You should’ve seen me trying to put Austin down to sleep last night while he kept insisting, “We are NOT sleeping at the hospital!” It was after ten when he finally conked out only to be roused a few hours later and whisked off into the cold dark night. But he happily watched the empty streets pass by as we drove home at 1:15 am and quickly crawled into our own beds. There is something to be said for waking up in your house with your family all around you.
And after some moments of blissful normalcy this morning, I went to flush his PICC line . . . and it was blocked. Oh, I was so mad. SO mad. It is the worst feeling to sit there and attempt a necessary medical procedure on your child only to have it fail. I tried a couple of times, afraid to push too hard; was able to draw blood off of it but only with a lot of resistance and air bubbles. Right as I was fuming about what to do next, the charge nurse from the floor called to see how everything was going. “Weeeellllll,” I began and she said, “Oh no.”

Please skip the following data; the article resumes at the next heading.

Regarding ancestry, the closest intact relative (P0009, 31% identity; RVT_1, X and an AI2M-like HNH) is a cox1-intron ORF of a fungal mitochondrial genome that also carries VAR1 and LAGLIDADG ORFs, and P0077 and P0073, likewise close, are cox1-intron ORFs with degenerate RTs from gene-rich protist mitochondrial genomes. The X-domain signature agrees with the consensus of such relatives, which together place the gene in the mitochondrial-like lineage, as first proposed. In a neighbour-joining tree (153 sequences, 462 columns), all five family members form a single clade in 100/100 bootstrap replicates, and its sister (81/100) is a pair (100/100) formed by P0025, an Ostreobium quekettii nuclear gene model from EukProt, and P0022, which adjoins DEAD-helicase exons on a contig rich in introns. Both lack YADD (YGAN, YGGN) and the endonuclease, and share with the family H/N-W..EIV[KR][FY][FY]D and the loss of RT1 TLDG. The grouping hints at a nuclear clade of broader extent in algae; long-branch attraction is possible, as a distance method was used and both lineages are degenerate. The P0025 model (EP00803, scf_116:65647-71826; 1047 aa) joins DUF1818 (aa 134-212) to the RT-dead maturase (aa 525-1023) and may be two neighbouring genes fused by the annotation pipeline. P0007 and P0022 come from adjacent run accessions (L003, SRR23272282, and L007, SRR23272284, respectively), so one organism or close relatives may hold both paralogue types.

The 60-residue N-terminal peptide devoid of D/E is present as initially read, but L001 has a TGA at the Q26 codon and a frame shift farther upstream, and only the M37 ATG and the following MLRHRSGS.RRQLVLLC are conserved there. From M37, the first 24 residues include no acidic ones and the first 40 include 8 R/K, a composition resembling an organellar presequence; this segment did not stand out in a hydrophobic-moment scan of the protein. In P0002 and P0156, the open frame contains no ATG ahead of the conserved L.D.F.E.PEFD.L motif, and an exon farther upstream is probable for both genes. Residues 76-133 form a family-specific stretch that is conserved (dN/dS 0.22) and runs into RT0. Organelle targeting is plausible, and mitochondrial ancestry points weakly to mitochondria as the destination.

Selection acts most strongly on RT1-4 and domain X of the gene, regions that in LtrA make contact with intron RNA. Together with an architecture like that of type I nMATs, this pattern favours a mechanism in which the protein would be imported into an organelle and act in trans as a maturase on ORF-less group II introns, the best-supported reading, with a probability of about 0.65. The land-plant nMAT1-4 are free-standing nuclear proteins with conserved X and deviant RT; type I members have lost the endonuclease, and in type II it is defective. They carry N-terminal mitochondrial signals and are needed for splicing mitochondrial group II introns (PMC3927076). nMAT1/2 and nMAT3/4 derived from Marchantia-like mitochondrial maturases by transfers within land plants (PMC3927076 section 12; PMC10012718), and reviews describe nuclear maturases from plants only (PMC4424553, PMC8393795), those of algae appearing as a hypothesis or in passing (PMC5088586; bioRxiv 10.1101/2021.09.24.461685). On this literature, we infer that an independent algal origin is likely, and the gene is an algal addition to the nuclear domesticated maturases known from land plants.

So we spent the next several hours down in the clinic, the absolute last place we wanted to be, waiting for the “central line Draino” to work its magic. Which it did, of course. And then, back home, finally home.
Speaking of performing medical procedures on your own child, his injections are becoming quite a production. He is fighting them tooth and nail, and has to be pinned down by me while Mark attacks him with that needle. It’s all sort of ridiculous and would almost be funny if it weren’t so awful. We’ve tried all the tricks recommended by professionals — have given him options (which leg, where we sit to do them), we’ve given him needles to stick into stuffed animals, and have explained over and over that we don’t want to hurt him but have to do this to make him better. But nothing works. He simply will not have it. And because he is squirming and tensing up his muscles, the damn shots hurt all the more.
Ah, how many more marbles indeed?
The past day and a half have been a little better. Austin learned (through some trial and error) that flying into a rage wouldn’t prevent him from being re-hooked to his pole, so he makes the most of his few minutes of freedom and then begrudgingly allows his nurse to screw that IV tube back to his PICC line. I tried to take a picture of him running laps last night but he was too fast for my phone’s camera, just a streak of baldness dashing by.